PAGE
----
Since its inception in 2016, Wavehill have been working with Activity Alliance to evaluate and demonstrate the social and economic impacts of Get Out Get Active (GOGA) a national programme that brings disabled and non-disabled people together to become more active. The programme looks to engage the least active communities in fun and inclusive ways. It provides opportunities for disabled and non-disabled people to be active together; improving physical and mental wellbeing and strengthen communities. As a result, the programme also tackles social isolation for many vulnerable people across the UK. Initially funded by Spirit of 2012, the programme is now in its second phase, working across 21 local authority areas across the UK, having successfully confirmed additional funding from the London Marathon Charitable Trust and Sport England in March 2020. Working in partnership with funders, stakeholders, delivery partners and programme beneficiaries, Wavehill have developed a deep understanding of the programme on both a national and local level. This unique local and national perspective provides important context and deeper understanding to local projects in its delivery locations as well as greater insight and understanding to the overall programme evaluation process. Working in collaboration with the GOGA programme team, Wavehill has taken a different approach to monitoring the outcomes of this programme to better evaluate and feedback as the programme progresses. It uses a mixed method approach involving extensive engagement and regular feedback across the programme delivery, instead of providing feedback at the end of the programme. This has enabled all stakeholders to learn and share insights that continue to improve all aspects of the programme (enabling ‘in-flight’ changes), from a local and national perspective. This in turn has led to a deeper understanding of the positive impacts that the programme continues to have, whilst providing timely insights that have also supported funding applications for the second phase of the programme. This feedback loop is a cornerstone of the programme’s success and evidenced at the recent GOGA Conference. Here a number of resources were launched focused on who, what, where and why this programme is important. These resources (including practical tips and examples of how to deliver the ‘GOGA Approach’) and shared learnings are intended to support stakeholders looking to become more active within their communities through a more collaborative approach and were developed from Wavehill’s summative evaluation report from GOGA Phase one and reimagined by GOGA to support the next phase of the programme. Feedback to project stakeholders from Wavehill’s evaluation is structured to share ongoing learning on key emerging issues that support delivery and partnership building by localities. These reports highlight the wider ‘ripple effect’ that partners within, and beyond, the GOGA network have on programme delivery for the inactive across the UK. GOGA Phase 1 demonstrated many positive impacts on physical activity through the approach it adopted with: 59% of GOGA participants stated that 6-9 months after starting on a GOGA project they were doing 20 minutes or more physical activity on average per day, this reaches 65% 15 months after GOGA participation. Disabled GOGA participants showed increased physical activity levels. 50% of disabled people stated they were inactive at the beginning of the programme, this dropped down to 15%, 15 months after GOGA participation. The least active participants strongly associate their GOGA ‘experience’ with an increase in their physical activity levels. 69% say they have become more active, and that for this group, over nine out of ten (91%) attribute this to their GOGA experience. Furthermore the increased engagement in physical activity bring other wellbeing benefits that are noted by the UK Government as being critical in wider local community level health improvements. GOGA Phase 1 evaluation findings also showed that: For the least active, there are statistically significant increases in the average rating of life satisfaction and whether participants believe their life to be worthwhile following participation in the GOGA programme. Happiness has also risen following GOGA participation and the mean average anxiety score (out of 10) has fallen. Those with disabilities also demonstrate similar positive trends in their own sense of wellbeing. The results of this programme and the ongoing approach, continue to hold relevance given the focus the government set out in its Covid-19 Mental Health and Wellbeing Recovery Action Plan announced in April 2021. In a post-Covid recovery, programmes such as GOGA are ever more important in supporting vulnerable, disabled, and non-disabled adults. Building on GOGA’s strong foundation, the second phase of this programme is already having a strong positive impact locally and nationally. Wavehill and Active Alliance’s ongoing collaborative approach continues to uncover new insights from its monitoring and evaluation methods allowing the programme to go from strength to strength in its ability to deliver positive outcomes for inactive disabled and non-disabled people across the UK. Simon Tanner, Project Manager for the GOGA evaluation identified: “As evaluation partners, Wavehill are proud to be such close and valued member of this ambitious programme. Combining the nuance of local learning with oversight of the national programme has enabled greater insights and shared learning for clients, stakeholders, project partners and funders across the UK. The ongoing feedback loop continues to help the programme improve and evolve to support the inactive across the UK. It’s challenged our evaluation team to think hard about how we present findings in the most useful way, so those delivering the programme can utilise them as easily as possible. It’s been great learning for us, and we look forward to further refining our approach as GOGA Phase 2 continues.” For more information please contact Simon Tanner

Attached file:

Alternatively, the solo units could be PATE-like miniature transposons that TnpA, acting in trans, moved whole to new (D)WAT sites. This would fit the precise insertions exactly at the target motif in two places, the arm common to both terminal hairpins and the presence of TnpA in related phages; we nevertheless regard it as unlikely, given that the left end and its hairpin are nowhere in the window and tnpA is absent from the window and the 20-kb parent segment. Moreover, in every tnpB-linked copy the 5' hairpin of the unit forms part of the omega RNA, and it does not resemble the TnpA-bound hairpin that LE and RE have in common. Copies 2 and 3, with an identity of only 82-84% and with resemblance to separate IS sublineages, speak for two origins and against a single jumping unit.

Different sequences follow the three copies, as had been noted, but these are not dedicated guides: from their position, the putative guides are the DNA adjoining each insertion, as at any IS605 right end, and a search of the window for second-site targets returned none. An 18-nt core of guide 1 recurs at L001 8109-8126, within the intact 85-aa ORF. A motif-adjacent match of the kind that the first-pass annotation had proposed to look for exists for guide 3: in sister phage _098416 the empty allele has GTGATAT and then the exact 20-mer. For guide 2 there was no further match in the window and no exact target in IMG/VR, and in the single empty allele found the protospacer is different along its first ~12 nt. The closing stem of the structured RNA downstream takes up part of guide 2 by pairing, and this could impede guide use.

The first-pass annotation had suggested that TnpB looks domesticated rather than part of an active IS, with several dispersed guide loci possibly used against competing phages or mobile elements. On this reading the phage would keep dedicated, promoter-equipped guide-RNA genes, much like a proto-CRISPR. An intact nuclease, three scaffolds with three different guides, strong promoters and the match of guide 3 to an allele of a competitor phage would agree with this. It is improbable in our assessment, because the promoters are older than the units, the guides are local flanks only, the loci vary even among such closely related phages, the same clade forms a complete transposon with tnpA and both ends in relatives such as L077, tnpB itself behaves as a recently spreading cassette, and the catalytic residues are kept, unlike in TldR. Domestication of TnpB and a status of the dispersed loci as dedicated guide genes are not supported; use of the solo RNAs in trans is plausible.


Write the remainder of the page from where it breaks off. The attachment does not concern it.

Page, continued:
A new Senior Consultant has joined the Wavehill team